Figure 3. The extension to the Plutonium Separation Facility is near external completion in May 2020.

Figure 4. The construction of the extension to the Plutonium Separation Facility at an early stage in September 2018.

Figure 5. By October 2018, a 30 x 30 m foundation for the extension below ground level is visible in Google Earth imagery.

Figure 6. More than a year later, in January 2020, construction of the extension has progressed in height with steel reinforcement.

Figure 7. In this March 2020 Google Earth image the layout of one of the upper stories is visible: six cells with double concrete walls, and a hallway.

Figure 8. The extension is near external completion in May 2020, with a roof structure covering roughly half of the extension.

Figure 9. The extension is externally complete in September 2020.

The new extension has evidently been carefully designed and constructed to assimilate with the main reprocessing facility building, suggesting that it has an integral function. The interior compartments and moderately thick concrete walls suggest the purpose of the extension is to facilitate handling of high dose rate materials, such as spent nuclear fuels or radioactive wastes within shielded containers. The three large access points, and the fact that the extension appears to adjoin an existing access point to the main reprocessing facility building, suggest that the new extension could function to receive and unload irradiated fuel into the processing lines, and shear a different fuel type, such as LWR fuel, prior to chemically processing. Alternatively, or additionally, it could serve to export solid radioactive wastes, such as sheared fuel cladding. There are no other access points to the main reprocessing facility that could serve such a purpose visible in the available Google Earth satellite images.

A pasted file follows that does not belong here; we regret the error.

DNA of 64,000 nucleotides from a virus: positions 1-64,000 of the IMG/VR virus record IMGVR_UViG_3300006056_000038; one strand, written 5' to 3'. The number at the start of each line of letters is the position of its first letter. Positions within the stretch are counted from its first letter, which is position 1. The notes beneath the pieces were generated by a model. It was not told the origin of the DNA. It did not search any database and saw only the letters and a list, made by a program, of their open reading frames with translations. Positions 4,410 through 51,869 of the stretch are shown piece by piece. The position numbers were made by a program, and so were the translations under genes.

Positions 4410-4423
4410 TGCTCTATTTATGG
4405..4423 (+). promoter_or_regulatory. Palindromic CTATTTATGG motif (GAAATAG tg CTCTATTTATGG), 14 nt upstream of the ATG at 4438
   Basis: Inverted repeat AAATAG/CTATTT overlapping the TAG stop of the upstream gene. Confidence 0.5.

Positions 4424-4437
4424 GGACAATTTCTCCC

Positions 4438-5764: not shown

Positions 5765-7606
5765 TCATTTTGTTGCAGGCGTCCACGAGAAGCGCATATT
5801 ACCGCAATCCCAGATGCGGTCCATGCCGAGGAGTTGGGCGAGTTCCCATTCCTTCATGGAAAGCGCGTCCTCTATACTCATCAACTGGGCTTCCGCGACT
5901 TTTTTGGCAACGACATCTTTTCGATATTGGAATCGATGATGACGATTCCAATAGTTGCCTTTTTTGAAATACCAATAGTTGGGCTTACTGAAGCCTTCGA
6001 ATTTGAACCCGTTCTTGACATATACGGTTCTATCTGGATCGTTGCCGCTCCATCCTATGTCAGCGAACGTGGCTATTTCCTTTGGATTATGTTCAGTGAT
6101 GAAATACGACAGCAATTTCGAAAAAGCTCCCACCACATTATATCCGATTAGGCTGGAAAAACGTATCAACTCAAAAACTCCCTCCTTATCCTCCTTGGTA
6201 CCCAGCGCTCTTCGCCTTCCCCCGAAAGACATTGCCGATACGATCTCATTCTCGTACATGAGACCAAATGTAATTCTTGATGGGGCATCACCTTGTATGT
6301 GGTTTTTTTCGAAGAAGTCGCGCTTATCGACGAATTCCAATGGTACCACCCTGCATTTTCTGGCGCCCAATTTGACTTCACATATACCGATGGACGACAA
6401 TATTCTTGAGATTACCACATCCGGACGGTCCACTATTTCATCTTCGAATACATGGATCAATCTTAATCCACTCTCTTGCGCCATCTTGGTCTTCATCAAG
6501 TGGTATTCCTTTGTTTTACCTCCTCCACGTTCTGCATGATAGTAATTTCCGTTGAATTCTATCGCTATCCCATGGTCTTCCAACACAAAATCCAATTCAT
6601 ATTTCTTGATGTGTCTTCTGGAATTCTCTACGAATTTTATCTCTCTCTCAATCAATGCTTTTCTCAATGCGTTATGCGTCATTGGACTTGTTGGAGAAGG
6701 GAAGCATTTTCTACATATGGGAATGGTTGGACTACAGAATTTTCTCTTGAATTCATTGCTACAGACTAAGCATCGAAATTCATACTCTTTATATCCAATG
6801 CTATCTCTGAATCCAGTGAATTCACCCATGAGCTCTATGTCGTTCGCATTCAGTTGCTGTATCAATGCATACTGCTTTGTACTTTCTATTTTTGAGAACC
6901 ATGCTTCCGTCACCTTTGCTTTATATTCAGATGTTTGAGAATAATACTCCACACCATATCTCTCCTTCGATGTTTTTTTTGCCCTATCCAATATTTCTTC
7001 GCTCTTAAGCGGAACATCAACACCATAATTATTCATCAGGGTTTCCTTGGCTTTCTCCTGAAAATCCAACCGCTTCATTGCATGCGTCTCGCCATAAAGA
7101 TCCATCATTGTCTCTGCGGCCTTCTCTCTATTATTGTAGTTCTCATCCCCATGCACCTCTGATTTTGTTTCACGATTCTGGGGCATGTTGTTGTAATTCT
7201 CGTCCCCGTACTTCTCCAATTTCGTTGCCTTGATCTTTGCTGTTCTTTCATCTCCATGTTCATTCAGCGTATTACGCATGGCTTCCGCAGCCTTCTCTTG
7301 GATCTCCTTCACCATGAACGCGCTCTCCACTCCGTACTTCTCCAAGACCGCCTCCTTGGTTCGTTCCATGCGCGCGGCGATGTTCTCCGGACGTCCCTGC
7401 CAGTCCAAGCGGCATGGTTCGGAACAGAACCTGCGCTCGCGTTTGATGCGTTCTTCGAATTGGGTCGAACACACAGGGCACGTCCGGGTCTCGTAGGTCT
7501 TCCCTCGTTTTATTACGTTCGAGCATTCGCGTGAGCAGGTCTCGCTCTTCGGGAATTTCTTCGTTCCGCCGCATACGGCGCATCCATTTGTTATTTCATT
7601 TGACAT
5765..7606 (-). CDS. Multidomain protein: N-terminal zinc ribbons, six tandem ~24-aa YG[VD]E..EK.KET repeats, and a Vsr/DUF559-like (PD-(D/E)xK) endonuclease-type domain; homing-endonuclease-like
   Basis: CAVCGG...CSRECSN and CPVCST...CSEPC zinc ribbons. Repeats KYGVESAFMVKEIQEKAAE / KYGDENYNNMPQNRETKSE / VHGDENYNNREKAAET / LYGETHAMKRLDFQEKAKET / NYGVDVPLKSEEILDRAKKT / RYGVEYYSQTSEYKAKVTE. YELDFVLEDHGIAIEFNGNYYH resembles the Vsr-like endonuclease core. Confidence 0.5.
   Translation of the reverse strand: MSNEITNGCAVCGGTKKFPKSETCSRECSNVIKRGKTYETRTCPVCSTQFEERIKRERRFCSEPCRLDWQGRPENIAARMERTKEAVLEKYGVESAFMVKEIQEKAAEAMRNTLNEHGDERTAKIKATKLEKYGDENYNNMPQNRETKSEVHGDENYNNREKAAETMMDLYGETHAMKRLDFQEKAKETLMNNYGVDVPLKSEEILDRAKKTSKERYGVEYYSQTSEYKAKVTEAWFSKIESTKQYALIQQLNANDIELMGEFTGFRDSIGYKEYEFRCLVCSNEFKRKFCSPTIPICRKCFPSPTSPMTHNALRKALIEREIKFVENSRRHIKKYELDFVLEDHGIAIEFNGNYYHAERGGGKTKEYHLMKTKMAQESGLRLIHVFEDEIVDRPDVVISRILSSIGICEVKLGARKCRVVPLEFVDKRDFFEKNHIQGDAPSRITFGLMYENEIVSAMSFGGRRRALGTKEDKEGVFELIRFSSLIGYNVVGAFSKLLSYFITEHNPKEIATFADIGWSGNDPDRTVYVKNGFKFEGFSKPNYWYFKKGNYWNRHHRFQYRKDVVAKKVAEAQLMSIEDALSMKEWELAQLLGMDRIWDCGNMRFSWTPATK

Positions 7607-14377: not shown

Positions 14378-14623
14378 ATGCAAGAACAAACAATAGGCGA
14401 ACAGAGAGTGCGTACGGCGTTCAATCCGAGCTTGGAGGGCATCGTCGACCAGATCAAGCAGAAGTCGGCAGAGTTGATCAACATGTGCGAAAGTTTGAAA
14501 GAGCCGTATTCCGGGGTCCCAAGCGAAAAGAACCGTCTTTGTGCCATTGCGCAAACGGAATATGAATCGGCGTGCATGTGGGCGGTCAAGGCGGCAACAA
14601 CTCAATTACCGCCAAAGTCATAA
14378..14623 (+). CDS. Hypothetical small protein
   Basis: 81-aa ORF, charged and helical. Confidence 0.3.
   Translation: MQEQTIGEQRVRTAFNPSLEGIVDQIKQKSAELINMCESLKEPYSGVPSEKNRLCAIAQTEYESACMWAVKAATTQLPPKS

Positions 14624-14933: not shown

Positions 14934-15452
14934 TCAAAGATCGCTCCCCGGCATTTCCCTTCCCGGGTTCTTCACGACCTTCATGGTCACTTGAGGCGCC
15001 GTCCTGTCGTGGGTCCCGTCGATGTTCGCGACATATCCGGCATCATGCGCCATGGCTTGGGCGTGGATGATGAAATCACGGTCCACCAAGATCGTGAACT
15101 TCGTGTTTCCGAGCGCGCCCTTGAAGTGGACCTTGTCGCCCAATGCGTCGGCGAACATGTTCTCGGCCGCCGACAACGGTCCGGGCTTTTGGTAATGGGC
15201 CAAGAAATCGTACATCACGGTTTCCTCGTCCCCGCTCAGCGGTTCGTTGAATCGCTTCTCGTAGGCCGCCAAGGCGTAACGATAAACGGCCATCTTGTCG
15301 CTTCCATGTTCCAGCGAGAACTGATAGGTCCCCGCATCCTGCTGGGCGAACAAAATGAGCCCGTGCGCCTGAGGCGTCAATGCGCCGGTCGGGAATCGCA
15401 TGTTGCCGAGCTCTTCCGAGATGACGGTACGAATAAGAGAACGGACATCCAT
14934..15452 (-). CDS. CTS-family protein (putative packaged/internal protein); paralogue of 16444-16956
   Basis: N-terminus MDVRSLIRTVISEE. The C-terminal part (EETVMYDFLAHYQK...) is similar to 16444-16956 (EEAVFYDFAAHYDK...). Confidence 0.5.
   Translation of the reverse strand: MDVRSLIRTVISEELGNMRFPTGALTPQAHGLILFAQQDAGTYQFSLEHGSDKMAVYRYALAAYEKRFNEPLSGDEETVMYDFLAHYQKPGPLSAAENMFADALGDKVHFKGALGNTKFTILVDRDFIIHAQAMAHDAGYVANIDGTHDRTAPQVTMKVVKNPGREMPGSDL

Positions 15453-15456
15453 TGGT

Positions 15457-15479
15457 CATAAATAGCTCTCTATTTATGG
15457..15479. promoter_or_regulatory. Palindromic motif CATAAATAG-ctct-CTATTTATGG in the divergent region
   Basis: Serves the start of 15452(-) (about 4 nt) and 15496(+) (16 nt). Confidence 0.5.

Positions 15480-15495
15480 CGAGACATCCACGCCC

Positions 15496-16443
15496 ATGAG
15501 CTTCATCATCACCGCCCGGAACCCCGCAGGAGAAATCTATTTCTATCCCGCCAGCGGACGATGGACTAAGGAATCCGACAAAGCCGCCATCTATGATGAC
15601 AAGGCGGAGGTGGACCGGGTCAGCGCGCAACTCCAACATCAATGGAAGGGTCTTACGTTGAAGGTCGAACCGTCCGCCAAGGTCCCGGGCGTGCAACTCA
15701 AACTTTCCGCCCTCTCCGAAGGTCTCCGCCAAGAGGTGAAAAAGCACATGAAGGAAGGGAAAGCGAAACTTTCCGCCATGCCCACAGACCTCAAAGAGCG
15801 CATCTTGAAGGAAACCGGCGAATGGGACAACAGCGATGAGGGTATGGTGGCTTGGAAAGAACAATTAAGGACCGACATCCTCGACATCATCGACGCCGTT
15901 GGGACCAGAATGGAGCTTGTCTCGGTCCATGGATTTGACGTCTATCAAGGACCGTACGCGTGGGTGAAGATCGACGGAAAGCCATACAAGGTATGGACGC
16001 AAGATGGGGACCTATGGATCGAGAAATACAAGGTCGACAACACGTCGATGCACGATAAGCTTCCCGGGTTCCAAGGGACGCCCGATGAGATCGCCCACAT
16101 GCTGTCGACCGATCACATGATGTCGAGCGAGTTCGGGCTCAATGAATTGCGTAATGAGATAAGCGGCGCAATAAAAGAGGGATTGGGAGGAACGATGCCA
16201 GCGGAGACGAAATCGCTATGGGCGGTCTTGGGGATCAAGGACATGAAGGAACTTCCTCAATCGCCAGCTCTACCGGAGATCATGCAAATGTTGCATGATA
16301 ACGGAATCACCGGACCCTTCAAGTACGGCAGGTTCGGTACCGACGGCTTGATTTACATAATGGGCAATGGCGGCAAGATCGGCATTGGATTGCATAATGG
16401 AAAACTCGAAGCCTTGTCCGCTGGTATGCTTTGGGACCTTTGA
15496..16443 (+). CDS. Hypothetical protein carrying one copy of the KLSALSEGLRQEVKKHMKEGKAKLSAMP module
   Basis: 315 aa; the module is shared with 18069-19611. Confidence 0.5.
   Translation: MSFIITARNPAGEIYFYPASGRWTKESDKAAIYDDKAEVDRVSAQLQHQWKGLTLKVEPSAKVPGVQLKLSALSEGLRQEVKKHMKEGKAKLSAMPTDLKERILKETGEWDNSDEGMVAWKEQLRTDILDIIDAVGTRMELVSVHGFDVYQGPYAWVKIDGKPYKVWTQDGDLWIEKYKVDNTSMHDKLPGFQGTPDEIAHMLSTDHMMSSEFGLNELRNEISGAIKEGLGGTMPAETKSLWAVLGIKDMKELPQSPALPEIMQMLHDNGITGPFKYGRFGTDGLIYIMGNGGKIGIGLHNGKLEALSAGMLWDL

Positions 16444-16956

Historical imagery shows three spur lines emerging from the main railway line which runs to the west of the reprocessing facility (see Figure 10.) In a 2002 image, the earliest available in Google Earth, the tracks and rails have been removed but their signature outline remains. As shown by Figure 10, one of the spur lines bears directly on the reprocessing facility and would have potentially terminated at the tall tower construction highlighted in Figures 5-8. This arrangement suggests that the design of the reprocessing facility intended to receive incoming fuel at the east face by rail transport, consistent with the siting and hypothetical purpose of the new extension building. The tower construction could plausibly house lifting gear or an elevator to move fuel skips from the reception area to the head end cave on an upper floor for shearing.

The original rail transport lines are thought to have been intended to transport fuel from the KANUPP reactor in Karachi – a distance of 900 km. The removal of the rail lines supports the conclusion that the Chashma reprocessing facility is instead separating plutonium from irradiated fuel from the Khushab reactors, located only approximately 80 km due east, or possibly in the future also from nearby Chashma reactors. There is no rail link between the two nuclear sites, which would require spent fuel from Khushab to be transported by road: the features of the extension building appear consistent with this mode of spent fuel reception.

Figure 10. A 2002 image of the Plutonium Separation Facility indicates that spent fuel was originally to be transported by rail and received near the tall tower at the same building side as the new extension.

Analysis of other facilities co-located with the reprocessing plant

Figure 11 compares the reprocessing area in 2002 and 2020, highlighting co-located buildings which appear to be primarily of concrete construction and which may have a support function, given the external signatures and connection to the reprocessing plant via a network of trenches, identified by ISIS in 2015.16